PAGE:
Leaving A Legacy
Lebanon Captain Robbie Farah hopes to leave a legacy behind that can inspire others whilst paving the way for young Lebanese kids to dream big and pursue a career in the NRL and one day represent the Cedars.
Much like Souths teammate Adam Doueihi, who’s time in a Lebanon jumper has seen the young half’s confidence sky rocket.
The Rugby League World Cup for Farah has been about the impression the Cedars are leaving off the field. It’s something that motivates him to push the 18th-ranked team as far into the tournament as possible.
“It’s not just our results on the field it’s our impact off the field as well that means most to us. You’ve seen the Lebanese community and the fans get right behind us, which has created a great atmosphere at our games,” said Farah.
“[Adam Doueihi’s] only a young kid but this World Cup will do him wonders. He was at Souths last year and was a pretty quiet and shy kid but at camp he’s really come out of his shell and really grown in confidence.
“He got his chance against France because Chris (Saab) got knocked out in the warm up but he came into the 17 and took his opportunity with both hands and since then he’s really made a home for himself in our team.”
Making an impact on the field is what players are paid to do. Winning Premierships and individual awards is what they dream of in the short time they have playing the game they love.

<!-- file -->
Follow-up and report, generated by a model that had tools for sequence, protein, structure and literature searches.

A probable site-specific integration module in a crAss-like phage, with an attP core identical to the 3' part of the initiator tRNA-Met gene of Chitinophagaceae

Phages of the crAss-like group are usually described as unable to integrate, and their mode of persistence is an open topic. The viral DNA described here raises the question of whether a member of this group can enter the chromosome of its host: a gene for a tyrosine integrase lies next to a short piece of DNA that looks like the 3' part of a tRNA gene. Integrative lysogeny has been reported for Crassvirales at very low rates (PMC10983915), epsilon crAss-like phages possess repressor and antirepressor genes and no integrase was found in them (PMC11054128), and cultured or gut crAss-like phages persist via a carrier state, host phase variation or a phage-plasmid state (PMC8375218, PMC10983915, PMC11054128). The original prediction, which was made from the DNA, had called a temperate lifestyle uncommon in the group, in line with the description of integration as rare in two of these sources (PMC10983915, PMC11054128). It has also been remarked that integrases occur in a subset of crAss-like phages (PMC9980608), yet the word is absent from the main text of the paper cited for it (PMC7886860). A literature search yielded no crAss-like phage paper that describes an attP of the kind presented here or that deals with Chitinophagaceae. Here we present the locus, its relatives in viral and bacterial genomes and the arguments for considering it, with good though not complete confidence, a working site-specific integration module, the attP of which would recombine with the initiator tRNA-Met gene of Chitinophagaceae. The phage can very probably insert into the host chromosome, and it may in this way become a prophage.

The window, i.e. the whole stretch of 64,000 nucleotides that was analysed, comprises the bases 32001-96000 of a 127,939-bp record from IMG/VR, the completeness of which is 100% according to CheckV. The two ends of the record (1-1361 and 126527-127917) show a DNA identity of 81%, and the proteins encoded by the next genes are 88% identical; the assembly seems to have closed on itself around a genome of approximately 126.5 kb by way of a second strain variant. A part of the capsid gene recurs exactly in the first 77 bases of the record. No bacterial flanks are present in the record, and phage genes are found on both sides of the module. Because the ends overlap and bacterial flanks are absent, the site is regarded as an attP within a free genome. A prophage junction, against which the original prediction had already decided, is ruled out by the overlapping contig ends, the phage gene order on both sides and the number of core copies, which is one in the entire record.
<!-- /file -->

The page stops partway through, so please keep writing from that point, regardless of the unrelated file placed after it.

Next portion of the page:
Robbie Farah knows all about this. The Rabbitohs hooker is a Premiership winner and long-time NSW representative and has earnt an impressive collection of honours throughout his stellar career, with his recent role with Lebanon at the Rugby League World Cup, high up on his list.
“Definitely, I had to wait a long time to play for Lebanon again and it was something I was really looking forward to,” said Farah.
“To get our first World Cup victory and qualify for the quarter finals is a massive achievement and is something I’m very proud of.”
Lebanon has been one of the many good feeling stories of the tournament and Farah is keen to keep that going into their next match.
“It’s been a really good campaign so far, we’ve enjoyed our time together in camp both away from training and at training,” said Farah.
“Now we go into a tough quarter final game with Tonga with nothing to lose and we will give it a red hot crack.”
With a do or die clash with Tonga this weekend, Farah’s time at the World Cup will either be extended by another 80 minutes or be over for another four years. But the Captain wants to immerse himself in the Lebanese culture one last time before getting back into the pre-season training.
“A few of the boys from the Lebanese team are thinking of heading over to Lebanon after the World Cup,” said Farah.
“I know Freddy (Brad Fitler) is thinking about it so I might tag along and get over to Lebanon for a couple of weeks.”